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I have recently discovered that if we press Ctrl+X Ctrl+E, bash opens the current command in an editor (set in $VISUAL or $EDITOR) and executes it when the editor is closed.

But it doesn't seem to be documented in the man pages. Is it documented, and if so where?

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  • 1
    Search for edit-and-execute-command in the man page. Commented Aug 3, 2013 at 7:41
  • 10
    If you use Bash's vi mode, the short cut is Esc, V. I trigger this all the time by accident. Finally learned what it means today :) Commented Sep 23, 2014 at 14:43

2 Answers 2

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I have found it out now. I should have read it more carefully before asking this.

The man page says:

edit-and-execute-command (C-xC-e)
          Invoke  an  editor  on the current command line, and execute the
          result as shell commands.   Bash  attempts  to  invoke  $VISUAL,
          $EDITOR, and emacs as the editor, in that order.
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  • 19
    Be very careful with this feature. If you cancel the edit, the original command line will be immediately executed. So if you are editing rm -rf / and invoke the editor and realize you are into something dangerous and thus cancel the edit, your rootfs will be deleted without further questions asked.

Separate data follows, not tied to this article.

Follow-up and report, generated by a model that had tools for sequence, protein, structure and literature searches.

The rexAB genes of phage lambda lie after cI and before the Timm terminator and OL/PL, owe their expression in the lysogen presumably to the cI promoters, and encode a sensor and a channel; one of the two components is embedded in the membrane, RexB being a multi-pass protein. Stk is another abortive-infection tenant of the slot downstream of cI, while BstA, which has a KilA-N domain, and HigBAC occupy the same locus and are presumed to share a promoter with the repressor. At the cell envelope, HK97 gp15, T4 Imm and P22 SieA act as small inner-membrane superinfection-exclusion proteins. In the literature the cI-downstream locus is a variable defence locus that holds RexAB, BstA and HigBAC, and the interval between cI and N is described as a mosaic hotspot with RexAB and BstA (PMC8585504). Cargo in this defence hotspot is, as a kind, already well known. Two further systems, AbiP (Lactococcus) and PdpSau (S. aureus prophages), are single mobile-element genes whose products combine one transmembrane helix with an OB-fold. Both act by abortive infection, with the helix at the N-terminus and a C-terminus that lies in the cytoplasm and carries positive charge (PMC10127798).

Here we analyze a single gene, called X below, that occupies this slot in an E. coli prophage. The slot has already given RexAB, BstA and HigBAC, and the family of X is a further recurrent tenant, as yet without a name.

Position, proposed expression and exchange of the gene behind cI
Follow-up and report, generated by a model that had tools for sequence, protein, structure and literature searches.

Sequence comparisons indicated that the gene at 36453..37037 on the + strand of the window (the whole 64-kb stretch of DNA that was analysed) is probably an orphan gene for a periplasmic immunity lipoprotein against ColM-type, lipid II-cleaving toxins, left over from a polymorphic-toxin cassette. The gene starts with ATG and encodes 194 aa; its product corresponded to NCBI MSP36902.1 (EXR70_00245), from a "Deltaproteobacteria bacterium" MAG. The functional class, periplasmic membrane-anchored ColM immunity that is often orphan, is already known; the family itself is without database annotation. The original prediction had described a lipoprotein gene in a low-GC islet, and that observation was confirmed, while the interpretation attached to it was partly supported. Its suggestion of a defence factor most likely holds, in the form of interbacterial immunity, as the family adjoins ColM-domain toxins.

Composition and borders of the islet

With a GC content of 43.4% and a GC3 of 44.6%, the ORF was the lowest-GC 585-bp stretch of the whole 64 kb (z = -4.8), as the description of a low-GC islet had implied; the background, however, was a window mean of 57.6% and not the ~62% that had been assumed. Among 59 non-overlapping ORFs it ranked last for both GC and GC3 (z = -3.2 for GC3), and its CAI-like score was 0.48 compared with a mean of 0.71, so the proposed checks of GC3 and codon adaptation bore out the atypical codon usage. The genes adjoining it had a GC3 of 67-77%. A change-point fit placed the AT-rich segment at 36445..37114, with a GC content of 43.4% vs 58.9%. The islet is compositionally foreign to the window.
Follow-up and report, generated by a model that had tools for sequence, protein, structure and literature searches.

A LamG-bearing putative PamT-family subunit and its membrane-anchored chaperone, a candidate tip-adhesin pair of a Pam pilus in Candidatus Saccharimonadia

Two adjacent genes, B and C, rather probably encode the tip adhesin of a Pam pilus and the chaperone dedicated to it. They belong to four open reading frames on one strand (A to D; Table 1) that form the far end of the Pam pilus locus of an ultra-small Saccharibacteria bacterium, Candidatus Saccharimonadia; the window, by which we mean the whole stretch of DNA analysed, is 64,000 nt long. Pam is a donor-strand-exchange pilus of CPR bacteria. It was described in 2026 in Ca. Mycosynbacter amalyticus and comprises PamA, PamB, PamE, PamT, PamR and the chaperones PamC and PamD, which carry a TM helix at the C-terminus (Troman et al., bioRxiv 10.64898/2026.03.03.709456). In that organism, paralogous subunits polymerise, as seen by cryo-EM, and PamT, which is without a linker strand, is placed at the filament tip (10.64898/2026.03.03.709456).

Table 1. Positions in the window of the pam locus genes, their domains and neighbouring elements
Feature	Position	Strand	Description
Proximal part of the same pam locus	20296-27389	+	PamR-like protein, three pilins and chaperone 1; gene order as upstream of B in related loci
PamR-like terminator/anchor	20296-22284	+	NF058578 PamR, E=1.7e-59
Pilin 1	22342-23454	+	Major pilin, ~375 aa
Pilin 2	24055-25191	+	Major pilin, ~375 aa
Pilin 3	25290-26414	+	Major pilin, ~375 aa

– marlar
    Commented Dec 26, 2019 at 22:44
  • 13
    @marlar if your editor is vim, you can use :cq, it makes it exit with non-zero code, and prevents the command from execution
    – karlicoss
    Commented Jan 6, 2021 at 5:39
  • 2
    @marlar ctrl-x-e without executing command immediately. Commented May 28, 2021 at 22:01
  • 1
    As an alternative (also if you remember it) just delete everything and change to ls then save & exit. Commented Nov 19, 2021 at 21:30
  • 1
    Or prefix with # Commented Jan 2, 2022 at 23:30
2

As discussed in the comments under the accepted answer, it is very convenient/safe to have an editor feature without immediate execution.

Add this to .bashrc to make Ctrl xe binding disable execution.

_edit_wo_executing() {
    local editor="${EDITOR:-nano}"
    tmpf="$(mktemp).sh"
    printf '%s\n' "$READLINE_LINE" > "$tmpf"
    $editor "$tmpf"
    READLINE_LINE="$(<"$tmpf")"
    READLINE_POINT="${#READLINE_LINE}"
    rm "$tmpf"
}

bind -x '"\C-x\C-e":_edit_wo_executing'

Credits: https://superuser.com/a/1601690/266871

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